teaching. "Sometimes I watch myself and think, 'Did
I really sound like that?' or 'I wasn't looking at the stu-
dent when he asked me the .: 'The ASE class
helps us identify the problems in our teaching, improve
teaching and communication ii. and be more pro-
fessional." Wang has designed a Web site for her class
that includes photos of her students, PowerPoint pre-
sentations and notes.
In addition to the video 1 '.. the ITAs see
their interaction with undergraduate students, it serves
another purpose. "John (Bro) is i ": an
online video database, where we are able to make
notes about the students we have recorded and provide


pLASnotes February / March 2003


page 6




















details about them. Our
hope is that with student
consent, this informa-
tion can be utilized by
researchers who are work-
ing on projects related
to speech, linguistics and
other topics."
Bro is working on
a search engine compo-
nent that would allow a
potential researcher to
look for specific materi-
als in the database. "At
some point in the future
with Institutional Review
Board approval, a researcher at the University of Iowa,
for example, can access our database on the Web and
search for male Chinese students in chemistry to hear
their intonation patterns. We'll provide a one or two
minute audio clip of these speakers," Bro says. "The
field as a whole can benefit from the information we're
gathering here at UE"
The research component of the ASE is another
unique element ofUF's program. "Fortunately, we
were able to bring in a director of the ASE program
when linguistics faculty member Helena Halmari was
hired in 2001," Tapper says. With Halmari's arrival,
linguistics-related research has taken off.
"Practically everyone who is teaching with ASE
is involved with research projects on different aspects
of language in classroom teaching situations," Halmari
says. "However, our research not only benefits our own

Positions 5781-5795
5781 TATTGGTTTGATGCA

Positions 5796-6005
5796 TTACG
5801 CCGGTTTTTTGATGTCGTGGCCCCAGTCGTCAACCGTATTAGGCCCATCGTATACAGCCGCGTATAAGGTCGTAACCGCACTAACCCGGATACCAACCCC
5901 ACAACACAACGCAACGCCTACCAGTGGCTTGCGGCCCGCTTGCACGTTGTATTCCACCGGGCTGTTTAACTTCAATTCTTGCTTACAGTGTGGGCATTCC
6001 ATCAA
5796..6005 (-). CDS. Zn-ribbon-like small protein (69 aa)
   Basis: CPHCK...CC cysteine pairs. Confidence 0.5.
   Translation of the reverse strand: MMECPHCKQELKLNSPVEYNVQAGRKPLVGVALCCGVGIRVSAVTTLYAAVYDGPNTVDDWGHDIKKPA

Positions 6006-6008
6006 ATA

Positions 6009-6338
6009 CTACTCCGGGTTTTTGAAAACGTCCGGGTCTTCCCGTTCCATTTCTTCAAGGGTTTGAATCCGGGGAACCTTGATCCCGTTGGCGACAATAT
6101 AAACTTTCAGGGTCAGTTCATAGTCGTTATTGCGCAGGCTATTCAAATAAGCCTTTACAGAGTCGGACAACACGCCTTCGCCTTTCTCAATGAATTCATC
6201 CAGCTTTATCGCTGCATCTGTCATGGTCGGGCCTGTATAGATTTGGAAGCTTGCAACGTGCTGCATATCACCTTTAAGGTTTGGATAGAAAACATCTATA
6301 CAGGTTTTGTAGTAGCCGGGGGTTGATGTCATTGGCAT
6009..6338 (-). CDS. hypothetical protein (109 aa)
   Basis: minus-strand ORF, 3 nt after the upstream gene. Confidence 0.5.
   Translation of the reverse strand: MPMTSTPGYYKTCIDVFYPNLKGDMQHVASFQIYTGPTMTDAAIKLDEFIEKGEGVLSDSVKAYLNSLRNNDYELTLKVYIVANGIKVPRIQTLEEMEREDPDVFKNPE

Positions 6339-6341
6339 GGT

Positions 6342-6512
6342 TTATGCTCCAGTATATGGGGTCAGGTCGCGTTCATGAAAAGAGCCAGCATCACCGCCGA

students, both ITAs and their undergraduate students,
but it is filling important gaps in the knowledge of
cross-cultural communication in general and has theo-
retical implications. We present our research findings
at national and international conferences and publish
them."
Currently, Halmari is working on several projects,
including one she will present in March at the annual
meeting of the American Association for Applied Lin-
guistics. She and Jules Gliesche, an ASE lecturer, have
looked at the differences in how ITAs chat with the
undergraduate students in the classroom versus how
native English speaking TAs chat with them. "We are
finding that "small talk" between the ITAs and the
undergraduate students at the beginning of class when


students are walking in, may be missing or its nature may differ from the expected
American 'norm'," explains Halmari. "Small talk often helps in rapport building
with the students, and we are seeing examples of culturally more or less appropri-
ate instances of small talk, as well as an occasional complete lack of it. When these
interactions are analyzed, the knowledge we gain can be incorporated into teaching
how to carry out successful rapport-building small talk."
Many ITA programs do not have the funding to support research, according to
Tapper. "We consider ourselves to be in a very fortunate position to contribute to
the field," he says. "Another research project I'd like to explore is looking at the class-
room expectations of today's American undergraduate students because I think in
some ways we've lost touch with them. There was a study done about 12 years ago
at UCLA that looked at this, but students have changed a lot since then. Many want
course Web sites and online notes. I would love to repeat the study with today's UF
undergraduates."
Another idea the group thinks is worth exploring is how American undergradu-
ates could benefit from international students. Tapper, Bro and Halmari have devel-
oped a way for the two student groups to interact and learn from each other. "We
are proposing that ASE 3 students and undergraduate students in my Introduction
to Linguistics course this fall work together on a final project," Halmari says. "They
would research a linguistics topic such as Korean phonology, Chinese tones or Polish
consonant clusters, and each would earn a grade in their class."
Tapper's dream is to take things a step further at UF by encouraging and
rewarding undergraduates for increasing their contact with international students.
"IfUF required every undergraduate student to have 10 contact hours before gradu-
ation with an international student, UF graduates would be more cross-culturally
sophisticated and aware. It would be a valuable thing for everyone."
International students also want to step things up a notch. "Our students are
looking for us to help them become better," Tapper says. "We're seeing a much
savvier and culturally aware group of students who want to learn more than just
language skills." Bro agrees. "Our classes go beyond teaching remedial grammar and
pronunciation. These students have questions about culture, race, politics, you name
it. We not only teach them how to speak, but how to communicate."
-Allyson A. Beutke


CLASnotes February / March 2003


page 7









Around

the College


Mark Your Calendar
The Center for African Studies Presents the